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Find $a$, if

$\left(\frac{1}{9}\right)^{-4} \times\left(\frac{1}{27}\right)^{-6}=\left(\frac{1}{9}\right)^{a}$

(a) 13

(b) $-13$

(c) 15

(d) $-15$
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Solution :

 $\left(\frac{1}{9}\right)^{a}=\left(\frac{1}{9}\right)^{-4} \times\left(\frac{1}{27}\right)^{-6}$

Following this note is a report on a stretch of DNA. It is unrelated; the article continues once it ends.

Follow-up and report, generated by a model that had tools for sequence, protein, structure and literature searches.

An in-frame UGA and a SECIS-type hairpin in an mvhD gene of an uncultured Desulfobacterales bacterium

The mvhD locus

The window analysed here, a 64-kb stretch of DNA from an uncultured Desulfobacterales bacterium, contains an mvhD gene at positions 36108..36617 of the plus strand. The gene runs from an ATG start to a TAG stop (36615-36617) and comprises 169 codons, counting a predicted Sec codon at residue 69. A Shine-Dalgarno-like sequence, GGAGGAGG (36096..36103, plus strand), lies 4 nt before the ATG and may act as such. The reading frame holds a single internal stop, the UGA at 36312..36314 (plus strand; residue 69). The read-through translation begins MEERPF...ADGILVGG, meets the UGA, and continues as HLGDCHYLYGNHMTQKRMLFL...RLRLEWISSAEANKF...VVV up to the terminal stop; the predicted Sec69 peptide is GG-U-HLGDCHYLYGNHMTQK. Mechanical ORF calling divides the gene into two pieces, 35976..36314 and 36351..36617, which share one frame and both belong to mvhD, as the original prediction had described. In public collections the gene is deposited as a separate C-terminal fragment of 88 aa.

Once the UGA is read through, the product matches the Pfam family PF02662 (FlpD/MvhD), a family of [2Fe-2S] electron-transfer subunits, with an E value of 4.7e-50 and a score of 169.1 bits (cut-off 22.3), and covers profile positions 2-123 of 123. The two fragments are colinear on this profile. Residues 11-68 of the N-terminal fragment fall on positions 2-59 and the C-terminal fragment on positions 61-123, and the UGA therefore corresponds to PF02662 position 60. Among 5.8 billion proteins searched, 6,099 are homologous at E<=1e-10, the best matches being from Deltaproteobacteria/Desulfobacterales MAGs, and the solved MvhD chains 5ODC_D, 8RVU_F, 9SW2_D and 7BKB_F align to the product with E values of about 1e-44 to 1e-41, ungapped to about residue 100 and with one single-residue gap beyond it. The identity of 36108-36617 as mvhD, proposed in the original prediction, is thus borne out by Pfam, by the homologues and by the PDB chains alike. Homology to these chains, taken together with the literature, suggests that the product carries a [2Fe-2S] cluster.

$\Rightarrow\left(\frac{1}{3}\right)^{2 a}=\left(\frac{1}{3}\right)^{-8} \times\left(\frac{1}{3}\right)^{-18}$

$\Rightarrow\left(\frac{1}{3}\right)^{2 a}=\left(\frac{1}{3}\right)^{-26}$

$\Rightarrow 2 a=-26$

$\therefore \quad a=-\frac{26}{2}=-13 ;$ Ans.

Therefore, the correct option $is(\mathrm{b})$

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